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Helping you find a career in the Agriculture industry

If you've always wanted to work outdoors, the agricultural sector might appeal to you.

Those working in agriculture are responsible for the cultivation of plants and animals in order to provide food, medicine and other essentials. Working in this area could mean working on a farm, overseeing all operations during the production process whilst providing leadership and organisation, working within production or supply chain, and/or specialising in livestock, crops or horticulture.

The regulations in this industry are set by the Department for Environment, Food and Rural Affairs (DEFRA) to ensure safe, high-quality produce farmed in an environmentally sustainable manner.

For roles across the sector, it’s likely that you’ll be required to spend part of your time outdoors and part in an office environment. You might see opportunities for self-employment, too – around half of the industry works in this way.


Skills & interests required for a career in Agriculture
Because of the technical and practical nature of a lot of jobs in the industry, work experience and practical skills are valued highly – so you’ll want to undertake some work experience to give you the skills needed. Voluntary work is common, especially for those just starting out.

A solid understanding of animal welfare and how agriculture impacts the environment are also both essential for this sector.
- Ability to Work Under Pressure
- Communication
- Negotiation
- Teamwork
- Time Management
Graduate schemes & other typical career progression routes in Agriculture
There are a number of certified training courses for those that want to move into or progress in this sector. The Institute of Agricultural Management (IAgrM) can provide help and guidance in this area.

You can find graduate schemes at large companies, including the Environment Agency, JCB, British Sugar and the Forestry Commission, which will usually require an upper second-class (2:1) undergraduate degree and involve an application process with a few different stages.

It is also possible to take the academic route in agriculture or environment - continuing your studies to MSc or PhD level, which usually leads to teaching and research positions within the sector.
Tips for getting into the field
Across all industries, it’s worth knowing what employers will look for when you’re applying for roles.

Obviously, practical knowledge and a clear and defined logical approach are both essential for agricultural jobs.

There are also a large number of general, non-industry-related things that you can do to put yourself in a good position to start applying for jobs. These include:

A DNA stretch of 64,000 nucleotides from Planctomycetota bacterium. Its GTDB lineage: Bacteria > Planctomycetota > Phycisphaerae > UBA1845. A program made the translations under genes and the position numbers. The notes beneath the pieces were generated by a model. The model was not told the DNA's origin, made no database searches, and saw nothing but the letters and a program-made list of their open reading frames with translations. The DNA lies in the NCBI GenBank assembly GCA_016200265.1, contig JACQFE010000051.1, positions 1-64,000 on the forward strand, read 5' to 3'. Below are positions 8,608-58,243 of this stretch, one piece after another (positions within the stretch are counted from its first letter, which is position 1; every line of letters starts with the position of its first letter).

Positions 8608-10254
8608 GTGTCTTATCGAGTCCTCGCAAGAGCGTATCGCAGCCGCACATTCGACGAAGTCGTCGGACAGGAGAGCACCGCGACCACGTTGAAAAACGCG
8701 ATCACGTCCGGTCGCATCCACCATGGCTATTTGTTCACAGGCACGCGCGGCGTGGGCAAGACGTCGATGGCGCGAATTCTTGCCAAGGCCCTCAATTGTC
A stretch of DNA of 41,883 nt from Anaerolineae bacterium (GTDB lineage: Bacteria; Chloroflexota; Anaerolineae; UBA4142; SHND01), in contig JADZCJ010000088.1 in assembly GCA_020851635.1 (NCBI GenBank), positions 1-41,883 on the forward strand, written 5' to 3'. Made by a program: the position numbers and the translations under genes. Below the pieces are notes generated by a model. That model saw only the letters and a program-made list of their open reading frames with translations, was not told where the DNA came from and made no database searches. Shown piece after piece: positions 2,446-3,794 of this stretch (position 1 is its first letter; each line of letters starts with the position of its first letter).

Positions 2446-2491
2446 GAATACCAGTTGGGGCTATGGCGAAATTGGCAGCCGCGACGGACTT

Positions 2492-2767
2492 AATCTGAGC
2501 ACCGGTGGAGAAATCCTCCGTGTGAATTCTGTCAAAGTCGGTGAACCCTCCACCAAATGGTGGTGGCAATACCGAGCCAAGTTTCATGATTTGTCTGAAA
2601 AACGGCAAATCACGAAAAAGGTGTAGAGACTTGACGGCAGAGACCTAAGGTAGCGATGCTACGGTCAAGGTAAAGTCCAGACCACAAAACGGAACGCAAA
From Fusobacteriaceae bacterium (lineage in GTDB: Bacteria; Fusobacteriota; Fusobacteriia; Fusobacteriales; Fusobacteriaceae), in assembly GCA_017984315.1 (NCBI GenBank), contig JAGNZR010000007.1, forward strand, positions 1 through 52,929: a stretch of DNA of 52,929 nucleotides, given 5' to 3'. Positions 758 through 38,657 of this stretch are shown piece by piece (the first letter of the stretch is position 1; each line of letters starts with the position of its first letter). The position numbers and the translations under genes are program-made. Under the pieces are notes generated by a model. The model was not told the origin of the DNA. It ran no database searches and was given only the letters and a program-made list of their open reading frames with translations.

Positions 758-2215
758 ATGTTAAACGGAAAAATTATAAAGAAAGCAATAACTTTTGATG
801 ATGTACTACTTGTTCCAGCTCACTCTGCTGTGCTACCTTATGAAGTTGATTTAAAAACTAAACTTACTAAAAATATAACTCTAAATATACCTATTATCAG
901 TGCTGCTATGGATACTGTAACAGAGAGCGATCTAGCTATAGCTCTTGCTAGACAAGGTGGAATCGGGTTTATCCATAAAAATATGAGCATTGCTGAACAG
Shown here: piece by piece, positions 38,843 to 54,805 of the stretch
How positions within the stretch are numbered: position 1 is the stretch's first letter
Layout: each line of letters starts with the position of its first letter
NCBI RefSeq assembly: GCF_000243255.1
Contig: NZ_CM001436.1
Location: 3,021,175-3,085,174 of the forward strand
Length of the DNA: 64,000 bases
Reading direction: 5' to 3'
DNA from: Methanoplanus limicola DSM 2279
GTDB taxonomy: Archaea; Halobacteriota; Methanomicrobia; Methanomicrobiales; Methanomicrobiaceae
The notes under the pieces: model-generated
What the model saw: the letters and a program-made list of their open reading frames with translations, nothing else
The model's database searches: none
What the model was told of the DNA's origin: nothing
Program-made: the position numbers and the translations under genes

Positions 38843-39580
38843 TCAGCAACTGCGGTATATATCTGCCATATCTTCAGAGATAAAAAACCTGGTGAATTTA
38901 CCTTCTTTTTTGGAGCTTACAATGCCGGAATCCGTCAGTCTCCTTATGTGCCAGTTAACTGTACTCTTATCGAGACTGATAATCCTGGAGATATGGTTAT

• Tailoring your CV for each specific role - making sure you focus on previous experience and relevant skills

  • Applying for work experience – for agriculture, it is normal to have obtained a fair amount of work experience before finding a position. It is practical experience that will make you stand out from the crowd. This experience is usually obtained with a sandwich course, holiday work, or a gap-year placement

  • Take on similar roles – for example on a farm, during holidays or whilst you apply for higher-level roles right after graduation

  • Get the practical skills – in this case, the relevant courses at a vocational college

  • Use your contacts – university professors, those you met on work experience, people you can approach through social media, family friends – they’re all potentially the stepping stone to your next role, and they might very well be happy to help you

How much can graduates earn in Agriculture?
Here are some average salaries for some jobs within the industry, according to Payscale:

Farm manager - £27,025
Farm worker - £18,246
Agronomist - £30,339
Compliance officer - £27,100
What qualifications do I need for a career in Agriculture?
In agriculture, there is a growing requirement for applicants to have a degree or professional qualification in a related subject – for example:

  • Agriculture

  • Farm business management

  • Crop management

  • Land management

  • Horticulture

  • Land management


For jobs that aren’t agriculture specific, for example in management, marketing, IT or sales, you can apply without a directly-related degree.

It might be helpful to look into specific postgraduate qualifications if you’re definitely sure that you want to move into a specific area.
Read more about the Agriculture industry
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